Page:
Transporting Hazardous Materials
The sector of the trucking industry that transports hazardous materials is under regulation by multiple federal, state and local agencies. The following is an overview of the major laws enacted, the regulations, training requirements and other resources:
Hazardous Material Overview
OSHA has limited jurisdiction of over-the-road vehicle operation. In the instance of spills occurring while the material is on the vehicle or otherwise "in transportation," OSHA's HAZWOPER standard does not cover the operator per se. It does, however, cover emergency response personnel who respond to the incident. If the operator of the vehicle becomes actively involved in an emergency response, then he/she is considered an emergency responder and is covered by 29 CFR 1910.120(q).
Hazardous Material Transportation Act of 1975 (HMTA)
The Hazardous Materials Transportation Act of 1975 (HMTA) empowered the Secretary of Transportation to designate as hazardous material any "particular quantity or form" of a material that "may pose an unreasonable risk to health and safety or property."
Hazardous materials regulations are subdivided by function into four basic areas:
- Procedures and/or Policies 49 CFR Parts 101, 106, and 107
- Material Designations 49 CFR Part 172
- Packaging Requirements 49 CFR Parts 173, 178, 179, and 180
- Operational Rules 49 CFR Parts 171, 173, 174, 175, 176, and 177
The HMTA is enforced by use of compliance orders [49 U.S.C. 1808(a)], civil penalties [49 U.S.C. 1809(b)], and injunctive relief (49 U.S.C. 1810). The HMTA (Section 112, 40 U.S.C. 1811) preempts state and local governmental requirements that are inconsistent with the statute, unless that requirement affords an equal or greater level of protection to the public than the HMTA requirement.
Hazardous Materials Transportation Uniform Safety Act of 1990
In 1990, Congress enacted the Hazardous Materials Transportation Uniform Safety Act (HMTUSA) to clarify the maze of conflicting state, local, and federal regulations. Like the HMTA, the HMTUSA requires the Secretary of Transportation to promulgate regulations for the safe transport of hazardous material in intrastate, interstate, and foreign commerce. The Secretary also retains authority to designate materials as hazardous when they pose unreasonable risks to health, safety, or property.
The statute includes provisions to encourage uniformity among different state and local highway routing regulations, to develop criteria for the issuance of federal permits to motor carriers of hazardous materials, and to regulate the transport of radioactive materials.
Reporting an Oil or Hazardous Chemical Spill
- National Oil and Hazardous Substances Pollution Contingency Plan Overview. US Coast Guard (USCG). Coordinates response and the National Response Center, which became operational in August of 1974 at US Coast Guard. Headquarters in Washington, D.C. for the reporting and coordination of response to pollution by oil and hazardous substances.
- National Response Center. Serves as the sole federal point of contact for reporting oil and hazardous chemical spills. The criteria for reporting such incidents were set forth in 40 CFR 110 for oil discharges and 40 CFR 116 for hazardous substances discharges. You may contact (800) 424-8802 to report oil and hazardous chemical spills.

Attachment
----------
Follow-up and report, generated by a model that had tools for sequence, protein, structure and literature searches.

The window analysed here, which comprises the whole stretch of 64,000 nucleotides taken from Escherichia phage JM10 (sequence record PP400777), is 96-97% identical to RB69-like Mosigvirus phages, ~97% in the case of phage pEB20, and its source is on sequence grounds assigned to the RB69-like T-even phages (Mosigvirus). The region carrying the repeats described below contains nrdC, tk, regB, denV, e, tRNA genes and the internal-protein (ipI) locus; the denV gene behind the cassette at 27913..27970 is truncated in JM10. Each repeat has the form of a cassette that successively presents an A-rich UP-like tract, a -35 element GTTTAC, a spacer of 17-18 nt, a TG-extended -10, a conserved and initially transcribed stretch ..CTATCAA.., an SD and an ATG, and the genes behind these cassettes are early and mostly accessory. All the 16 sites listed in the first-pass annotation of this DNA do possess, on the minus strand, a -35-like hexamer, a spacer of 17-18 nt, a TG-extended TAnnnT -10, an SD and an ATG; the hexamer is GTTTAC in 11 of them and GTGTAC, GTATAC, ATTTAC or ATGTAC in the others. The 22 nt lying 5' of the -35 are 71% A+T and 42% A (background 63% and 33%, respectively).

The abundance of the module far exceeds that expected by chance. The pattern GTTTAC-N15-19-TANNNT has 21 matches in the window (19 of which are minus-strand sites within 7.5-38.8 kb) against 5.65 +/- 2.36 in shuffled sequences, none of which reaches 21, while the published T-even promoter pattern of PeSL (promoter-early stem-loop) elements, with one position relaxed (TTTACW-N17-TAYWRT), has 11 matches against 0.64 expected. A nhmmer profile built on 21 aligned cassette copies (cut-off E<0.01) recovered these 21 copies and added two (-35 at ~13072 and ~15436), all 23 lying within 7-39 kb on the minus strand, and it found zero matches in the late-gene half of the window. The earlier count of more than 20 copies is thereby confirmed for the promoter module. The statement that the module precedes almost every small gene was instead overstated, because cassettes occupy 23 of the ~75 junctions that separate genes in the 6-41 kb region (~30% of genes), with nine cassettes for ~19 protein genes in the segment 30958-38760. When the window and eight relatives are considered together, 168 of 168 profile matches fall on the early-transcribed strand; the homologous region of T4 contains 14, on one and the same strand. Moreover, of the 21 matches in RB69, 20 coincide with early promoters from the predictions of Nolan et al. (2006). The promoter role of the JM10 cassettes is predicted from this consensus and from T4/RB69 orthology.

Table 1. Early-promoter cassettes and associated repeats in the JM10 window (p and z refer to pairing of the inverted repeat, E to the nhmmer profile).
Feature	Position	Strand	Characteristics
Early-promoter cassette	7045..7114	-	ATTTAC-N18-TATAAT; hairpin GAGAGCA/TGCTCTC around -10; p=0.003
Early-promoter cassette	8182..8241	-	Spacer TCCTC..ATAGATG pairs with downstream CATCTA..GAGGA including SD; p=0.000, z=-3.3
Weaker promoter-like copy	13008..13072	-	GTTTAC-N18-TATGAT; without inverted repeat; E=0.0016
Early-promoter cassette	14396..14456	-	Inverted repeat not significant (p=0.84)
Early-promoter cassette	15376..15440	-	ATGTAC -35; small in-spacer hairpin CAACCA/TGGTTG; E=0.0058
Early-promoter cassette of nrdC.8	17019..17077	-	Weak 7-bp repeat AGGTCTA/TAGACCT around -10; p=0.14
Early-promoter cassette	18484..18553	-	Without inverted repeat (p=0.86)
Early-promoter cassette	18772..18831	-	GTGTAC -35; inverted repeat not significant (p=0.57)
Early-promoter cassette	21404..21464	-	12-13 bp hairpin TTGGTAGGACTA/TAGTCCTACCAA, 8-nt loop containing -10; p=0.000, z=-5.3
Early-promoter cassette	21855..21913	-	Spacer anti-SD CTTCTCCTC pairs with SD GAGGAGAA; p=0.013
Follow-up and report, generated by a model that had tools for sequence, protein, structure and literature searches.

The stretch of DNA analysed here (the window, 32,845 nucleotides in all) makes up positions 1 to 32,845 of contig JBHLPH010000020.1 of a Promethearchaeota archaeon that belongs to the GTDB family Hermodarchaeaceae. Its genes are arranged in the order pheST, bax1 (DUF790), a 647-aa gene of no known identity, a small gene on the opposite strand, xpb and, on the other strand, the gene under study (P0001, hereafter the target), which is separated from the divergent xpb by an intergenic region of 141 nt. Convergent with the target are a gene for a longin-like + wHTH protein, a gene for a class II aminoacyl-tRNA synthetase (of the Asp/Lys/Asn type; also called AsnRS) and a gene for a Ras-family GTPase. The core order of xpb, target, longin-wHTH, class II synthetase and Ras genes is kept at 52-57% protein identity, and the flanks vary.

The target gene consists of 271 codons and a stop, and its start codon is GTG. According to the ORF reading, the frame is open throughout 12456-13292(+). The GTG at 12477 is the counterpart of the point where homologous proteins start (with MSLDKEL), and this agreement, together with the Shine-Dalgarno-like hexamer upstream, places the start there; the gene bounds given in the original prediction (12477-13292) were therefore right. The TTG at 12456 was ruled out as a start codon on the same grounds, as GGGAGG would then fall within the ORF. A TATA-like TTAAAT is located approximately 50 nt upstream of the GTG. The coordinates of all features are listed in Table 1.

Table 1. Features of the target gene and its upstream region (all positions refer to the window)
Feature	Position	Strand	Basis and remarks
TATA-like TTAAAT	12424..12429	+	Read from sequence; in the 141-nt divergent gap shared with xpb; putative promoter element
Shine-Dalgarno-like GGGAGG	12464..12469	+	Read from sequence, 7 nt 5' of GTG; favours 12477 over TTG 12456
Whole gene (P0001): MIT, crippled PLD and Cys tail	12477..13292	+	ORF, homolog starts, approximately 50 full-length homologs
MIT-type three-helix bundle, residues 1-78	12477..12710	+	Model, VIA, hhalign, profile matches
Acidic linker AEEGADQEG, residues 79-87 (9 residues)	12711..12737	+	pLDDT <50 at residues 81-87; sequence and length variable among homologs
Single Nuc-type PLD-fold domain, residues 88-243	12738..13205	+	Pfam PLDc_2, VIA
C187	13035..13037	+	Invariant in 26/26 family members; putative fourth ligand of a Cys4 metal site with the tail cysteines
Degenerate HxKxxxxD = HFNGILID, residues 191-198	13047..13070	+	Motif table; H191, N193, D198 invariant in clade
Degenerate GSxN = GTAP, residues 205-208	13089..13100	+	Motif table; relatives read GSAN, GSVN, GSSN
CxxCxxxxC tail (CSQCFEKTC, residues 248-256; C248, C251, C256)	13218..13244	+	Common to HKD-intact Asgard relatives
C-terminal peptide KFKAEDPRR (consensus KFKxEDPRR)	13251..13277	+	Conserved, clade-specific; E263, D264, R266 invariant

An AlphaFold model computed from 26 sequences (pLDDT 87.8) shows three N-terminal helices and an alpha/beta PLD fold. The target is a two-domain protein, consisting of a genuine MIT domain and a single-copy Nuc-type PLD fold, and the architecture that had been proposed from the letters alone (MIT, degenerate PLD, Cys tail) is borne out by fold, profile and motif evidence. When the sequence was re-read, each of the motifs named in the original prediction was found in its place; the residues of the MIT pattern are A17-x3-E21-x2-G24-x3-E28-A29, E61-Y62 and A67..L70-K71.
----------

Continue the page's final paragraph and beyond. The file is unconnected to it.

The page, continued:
Several agencies have overlapping authorities for regulating shipments of radioactive materials. DOT regulates the shipment of hazardous materials, including radioactive materials. National Regulatory Commission (NRC) regulates commercial activities of nuclear power plants. Department of Energy (DOE) ships commercial radioactive waste for storage and defense nuclear waste and weapons for storage or use. DOE and EPA share responsibility for transportation of hazardous wastes or radioactive and hazardous waste mixtures generated at facilities operated by DOE under the authority of the Atomic Energy Agency (AEA).
- 1910.120, Hazardous waste operations and emergency response
- 1910.134, Respiratory protection
- See OSHA Standards for OSHA standards, directives and standard interpretations.
Environmental Protection Agency (EPA)
- 40 CFR 110, Discharge of Oil
- 40 CFR 116, Designation of Hazardous Substances
US Department of Transportation (DOT)
- 49 CFR 172, Hazardous Materials Table, Special Provisions, Hazardous Materials Communications, Emergency Response Information and Training Requirements
- 49 CFR 173, Shipper's--General Requirements for Shipments and Packaging
- 49 CFR 177, Carriage by Public Highway. Section 177.823 applies to movement of motor vehicles in emergency situations
- 49 CFR 397, Transportation of Hazardous Materials; Driving and Parking Rules
- See Other Federal Agencies for DOT and other agency regulations.
US Department of Transportation (DOT)
- 49 CFR 172, Hazardous Materials Table, Special Provisions, Hazardous Materials Communications, Emergency Response Information and Training Requirements.
General Hazard References
- Evacuation Plans and Procedures. OSHA eTool. Assists small businesses implement an emergency action plan, and comply with OSHA's emergency standards.
- Related OSHA Safety and Health Topics pages: